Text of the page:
Jared Diamond of the Wall Street Journal spoke to Yankees manager Joe Girardi, who said that if he were commissioner of baseball, he would ban infield shifts. Girardi added that the second base bag would be the dividing line. Ostensibly, he means that a team would have to have two fielders on both sides.
This would be a serious change to the rulebook, as Diamond points out:
Teams are shifting now more than ever, but it actually hasn’t had much an effect on batted balls overall. Here’s a look at league-wide BABIP since 2000:
American League BABIP is at its lowest point while National League BABIP is at its highest. Ken Rosenthal of FOX Sports posted team-by-team shift data recently:
There aren’t a preponderance of AL teams at the top or the bottom of the list which might help explain the disparity. But it’s certainly not evident that shifts are leading to hit prevention. Girardi’s solution may be addressing a problem that doesn’t exist.
The Astros’ sign-stealing story broke in November, a steady drumbeat of coverage of it lasted through December and into January, when Rob Manfred’s report came out about it. The report was damning and, in its wake, Houston’s manager and general manger were both suspended and then fired.
After that a steady stream of media reports came out which not only made the whole affair seem even worse than Manfred’s report suggested, but which also suggested that, on some level, Major League Baseball had bungled it all and it was even worse than it had first seemed.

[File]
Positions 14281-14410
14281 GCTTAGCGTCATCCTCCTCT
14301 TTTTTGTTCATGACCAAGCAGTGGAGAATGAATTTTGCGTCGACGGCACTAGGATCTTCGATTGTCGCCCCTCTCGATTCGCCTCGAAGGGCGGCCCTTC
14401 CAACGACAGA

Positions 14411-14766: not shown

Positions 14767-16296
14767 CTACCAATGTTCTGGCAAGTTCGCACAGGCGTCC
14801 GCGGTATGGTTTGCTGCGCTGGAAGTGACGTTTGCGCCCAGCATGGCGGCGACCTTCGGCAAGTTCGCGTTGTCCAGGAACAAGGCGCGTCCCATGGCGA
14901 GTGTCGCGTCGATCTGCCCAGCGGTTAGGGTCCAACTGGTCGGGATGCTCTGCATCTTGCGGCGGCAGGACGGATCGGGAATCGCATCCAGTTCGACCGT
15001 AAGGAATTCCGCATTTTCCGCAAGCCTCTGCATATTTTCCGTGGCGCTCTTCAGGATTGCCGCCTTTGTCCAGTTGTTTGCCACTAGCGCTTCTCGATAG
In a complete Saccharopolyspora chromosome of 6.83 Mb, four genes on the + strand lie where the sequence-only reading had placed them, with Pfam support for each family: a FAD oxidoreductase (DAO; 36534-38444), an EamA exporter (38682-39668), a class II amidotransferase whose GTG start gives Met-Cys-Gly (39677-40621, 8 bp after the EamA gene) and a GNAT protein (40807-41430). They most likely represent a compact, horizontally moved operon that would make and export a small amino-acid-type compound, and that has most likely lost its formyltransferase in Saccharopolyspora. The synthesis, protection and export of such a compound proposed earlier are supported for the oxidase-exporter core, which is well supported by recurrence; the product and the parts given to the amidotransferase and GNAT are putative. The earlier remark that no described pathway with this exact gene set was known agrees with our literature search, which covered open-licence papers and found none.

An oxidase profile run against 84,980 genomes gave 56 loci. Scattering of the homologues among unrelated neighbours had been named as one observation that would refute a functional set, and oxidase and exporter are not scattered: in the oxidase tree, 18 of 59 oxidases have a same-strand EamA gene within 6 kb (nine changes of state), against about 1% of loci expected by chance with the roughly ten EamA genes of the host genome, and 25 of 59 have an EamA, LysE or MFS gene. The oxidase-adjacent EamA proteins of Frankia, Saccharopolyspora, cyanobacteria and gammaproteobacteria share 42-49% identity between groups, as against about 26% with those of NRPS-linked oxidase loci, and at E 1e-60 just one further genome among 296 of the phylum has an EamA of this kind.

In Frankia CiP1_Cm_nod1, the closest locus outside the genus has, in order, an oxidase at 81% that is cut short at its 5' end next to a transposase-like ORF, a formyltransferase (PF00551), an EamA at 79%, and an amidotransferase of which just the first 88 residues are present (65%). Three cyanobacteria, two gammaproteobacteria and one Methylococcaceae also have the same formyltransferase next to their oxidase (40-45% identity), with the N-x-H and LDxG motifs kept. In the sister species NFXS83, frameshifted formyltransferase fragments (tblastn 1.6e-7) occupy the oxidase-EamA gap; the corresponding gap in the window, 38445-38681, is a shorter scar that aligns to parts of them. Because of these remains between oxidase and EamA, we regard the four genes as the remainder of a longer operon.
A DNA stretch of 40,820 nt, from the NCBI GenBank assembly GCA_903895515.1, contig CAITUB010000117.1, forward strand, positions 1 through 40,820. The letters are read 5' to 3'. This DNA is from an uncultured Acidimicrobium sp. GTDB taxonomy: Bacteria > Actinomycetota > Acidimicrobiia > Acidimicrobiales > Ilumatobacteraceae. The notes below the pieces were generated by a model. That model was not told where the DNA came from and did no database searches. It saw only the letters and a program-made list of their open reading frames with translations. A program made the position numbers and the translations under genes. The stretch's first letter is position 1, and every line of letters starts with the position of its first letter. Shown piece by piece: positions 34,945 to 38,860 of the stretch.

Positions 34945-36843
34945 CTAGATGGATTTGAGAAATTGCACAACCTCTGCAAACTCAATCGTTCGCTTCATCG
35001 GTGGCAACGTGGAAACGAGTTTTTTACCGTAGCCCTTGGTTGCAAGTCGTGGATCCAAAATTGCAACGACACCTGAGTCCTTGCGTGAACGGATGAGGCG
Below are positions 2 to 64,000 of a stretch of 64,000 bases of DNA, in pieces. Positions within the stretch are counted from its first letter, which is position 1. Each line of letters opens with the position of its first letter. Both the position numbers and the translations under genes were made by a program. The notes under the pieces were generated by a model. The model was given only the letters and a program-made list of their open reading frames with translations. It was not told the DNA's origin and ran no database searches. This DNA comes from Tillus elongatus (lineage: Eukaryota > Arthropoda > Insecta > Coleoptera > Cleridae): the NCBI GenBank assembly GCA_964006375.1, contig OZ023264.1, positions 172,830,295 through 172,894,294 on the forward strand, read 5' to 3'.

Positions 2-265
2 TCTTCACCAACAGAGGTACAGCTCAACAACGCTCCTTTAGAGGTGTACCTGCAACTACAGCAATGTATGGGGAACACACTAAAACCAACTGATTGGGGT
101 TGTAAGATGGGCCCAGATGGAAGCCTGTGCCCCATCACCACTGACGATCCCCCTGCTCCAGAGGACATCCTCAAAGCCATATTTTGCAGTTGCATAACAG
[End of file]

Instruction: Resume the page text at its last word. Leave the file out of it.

Rather than Manfred and the Astros putting this all behind them, the story grew. As it grew, both the Red Sox and Mets fired their managers and, in a few isolated media appearances, Astros’ players seemed ill-prepared for questions on it all. Once spring training began the Astros made even worse public appearances and, for the past week and change, each day has given us a new player or three angrily speaking out about how mad they are at the Astros and how poorly they’ve handled all of this.
Why have they handled it so poorly? As always, look to poor leadership:
In other news, Crane was — and I am not making this up — recently named the Houston Sports Executive of the Year. An award he has totally, totally earned, right?